Friday, November 18, 2011

Son loses both parents in fatal Oklahoma State University plane crash. Piper PA-28-180 Cherokee B, N7746W

DAVIS, Okla. -- As the OSU community mourns the loss of two talented coaches, an Oklahoma family is mourning the loss of a mother and father. Former state senator Olin Branstetter was piloting that ill-fated flight Thursday evening; his wife, Paula, right by his side.

Paul Branstetter calls his parents world class pilots.

He hopes the tragedy doesn't overshadow the Branstetter's life of service to the community and absolute love of Oklahoma State University.

"As great of pilots as my parents were, it's hard they'll be remembered for crashing an airplane," Paul Branstetter said.

Olin spent four years serving in the state senate back in the 1980s.

His picture still hangs on the wall of the Capitol.

Olin and Paula became college sweethearts after meeting on the OSU campus.

"They were ordinary people who accomplished extraordinary things," Paul said.

Paul adds the pair set an aviation world record.

"They flew to the magnetic North Pole with my brother and set a world record that's never been equaled," Paul said.

Paul finds it hard to believe pilot error could've caused the fatal crash.

"I don't know what could've happened, but I know it was an excellent airplane and excellent pilots," Paul said.

Clearly the loss of his parents, coupled with two talented coaches, has hit the Branstetter family twice as hard.

"The tragedy is, it not only took their life but also the coaches of OSU we so love," Paul said.

Paul said this wasn't the first time his parents had flown OSU coaches to visit recruits.

For several years OSU has also awarded scholarships in the Branstetter name.

Paul hopes to see that continue.

NTSB Identification: CEN12FA072
14 CFR Part 91: General Aviation
Accident occurred Thursday, November 17, 2011 in Perryville, AR
Aircraft: PIPER PA-28-180, registration: N7746W
Injuries: 4 Fatal.

This is preliminary information, subject to change, and may contain errors. Any errors in this report will be corrected when the final report has been completed.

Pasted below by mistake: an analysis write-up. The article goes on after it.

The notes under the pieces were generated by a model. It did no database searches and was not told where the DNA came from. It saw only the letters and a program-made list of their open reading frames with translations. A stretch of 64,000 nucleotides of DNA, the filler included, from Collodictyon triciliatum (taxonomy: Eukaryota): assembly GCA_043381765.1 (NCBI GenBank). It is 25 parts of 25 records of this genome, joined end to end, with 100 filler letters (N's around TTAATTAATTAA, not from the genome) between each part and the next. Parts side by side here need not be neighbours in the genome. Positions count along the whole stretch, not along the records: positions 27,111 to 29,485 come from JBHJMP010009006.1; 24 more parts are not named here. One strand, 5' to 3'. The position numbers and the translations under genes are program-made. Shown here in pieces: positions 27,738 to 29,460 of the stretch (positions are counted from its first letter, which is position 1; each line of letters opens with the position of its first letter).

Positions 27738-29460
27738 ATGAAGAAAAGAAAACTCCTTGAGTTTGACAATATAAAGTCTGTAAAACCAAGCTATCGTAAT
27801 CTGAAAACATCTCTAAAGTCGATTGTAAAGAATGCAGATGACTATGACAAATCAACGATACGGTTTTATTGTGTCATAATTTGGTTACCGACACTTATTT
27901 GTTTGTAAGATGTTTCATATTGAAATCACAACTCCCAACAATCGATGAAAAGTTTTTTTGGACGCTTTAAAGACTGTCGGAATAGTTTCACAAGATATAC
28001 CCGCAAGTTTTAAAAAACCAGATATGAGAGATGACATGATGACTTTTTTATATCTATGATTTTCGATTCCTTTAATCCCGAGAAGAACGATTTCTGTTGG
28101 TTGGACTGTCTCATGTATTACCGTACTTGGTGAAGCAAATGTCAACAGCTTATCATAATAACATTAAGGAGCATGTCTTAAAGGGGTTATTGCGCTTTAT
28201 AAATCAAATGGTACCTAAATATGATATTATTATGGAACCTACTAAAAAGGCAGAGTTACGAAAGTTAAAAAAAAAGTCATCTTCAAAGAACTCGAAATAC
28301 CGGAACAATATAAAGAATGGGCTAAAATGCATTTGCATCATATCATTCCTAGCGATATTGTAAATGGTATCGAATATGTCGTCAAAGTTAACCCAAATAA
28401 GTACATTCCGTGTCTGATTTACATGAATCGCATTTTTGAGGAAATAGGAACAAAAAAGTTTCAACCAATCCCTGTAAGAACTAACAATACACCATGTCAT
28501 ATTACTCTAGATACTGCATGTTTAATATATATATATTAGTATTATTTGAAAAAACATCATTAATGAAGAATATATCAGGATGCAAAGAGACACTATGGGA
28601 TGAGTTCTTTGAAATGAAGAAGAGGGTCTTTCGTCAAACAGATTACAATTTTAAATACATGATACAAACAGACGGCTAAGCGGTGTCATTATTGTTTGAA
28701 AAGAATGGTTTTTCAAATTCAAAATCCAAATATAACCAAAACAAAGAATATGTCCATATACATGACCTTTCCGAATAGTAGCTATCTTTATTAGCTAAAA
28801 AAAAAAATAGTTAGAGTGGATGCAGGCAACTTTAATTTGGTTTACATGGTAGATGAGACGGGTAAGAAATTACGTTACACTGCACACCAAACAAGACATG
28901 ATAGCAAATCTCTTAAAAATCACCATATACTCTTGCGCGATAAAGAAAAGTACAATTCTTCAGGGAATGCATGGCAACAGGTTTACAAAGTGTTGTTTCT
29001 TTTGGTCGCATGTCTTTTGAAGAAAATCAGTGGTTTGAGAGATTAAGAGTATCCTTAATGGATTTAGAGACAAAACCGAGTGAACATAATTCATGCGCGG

On November 17, 2011, about 1610 central standard time, a Piper PA-28-180, N7746W, impacted the ground near Perryville, Arkansas. The certificated flight instructor pilot and three passengers were fatally injured; the airplane was substantially damaged. The airplane was owned by a private individual and operated under the provisions of 14 Code of Federal Regulations Part 91 as a personal flight. Visual meteorological conditions prevailed for the flight, which operated without a flight plan. The flight originated from Stillwater Regional Airport (SWO), Stillwater, Oklahoma, about 1415 and was destined for North Little Rock Municipal Airport (ORK), North Little Rock, Arkansas.

Employees at SWO reported that the airplane landed approximately 1345, picked up two passengers, and departed for ORK. The airplane did not receive any services at SWO.

Radar data showed the airplane level at 7,000 feet mean sea level on a southeasterly heading. At 1610:49, the airplane entered a right turn and began descending. The airplane disappeared from radar shortly after. There were no reported air traffic control communications with the airplane.

Witnesses who were in the vicinity of the accident site reported that the airplane was flying at a low altitude and making turns. They then observed the airplane enter a steep nose-low attitude prior to descending toward the terrain.

The accident site was located in a heavily wooded area of the Ouachita National Forest, about 8 miles southeast of Perryville. The initial ground impact scar was consistent with the airplane’s right wing leading edge contacting the ground first. An impact crater, about 10 feet in diameter and about 3.5 feet deep contained most of the airplane. Ground scars and witness marks to trees surrounding the accident site were consistent with the airplane being in a steep nose-low attitude at the time of impact.

The airplane wreckage was transported to a secure location for further examination.

No comments:

Post a Comment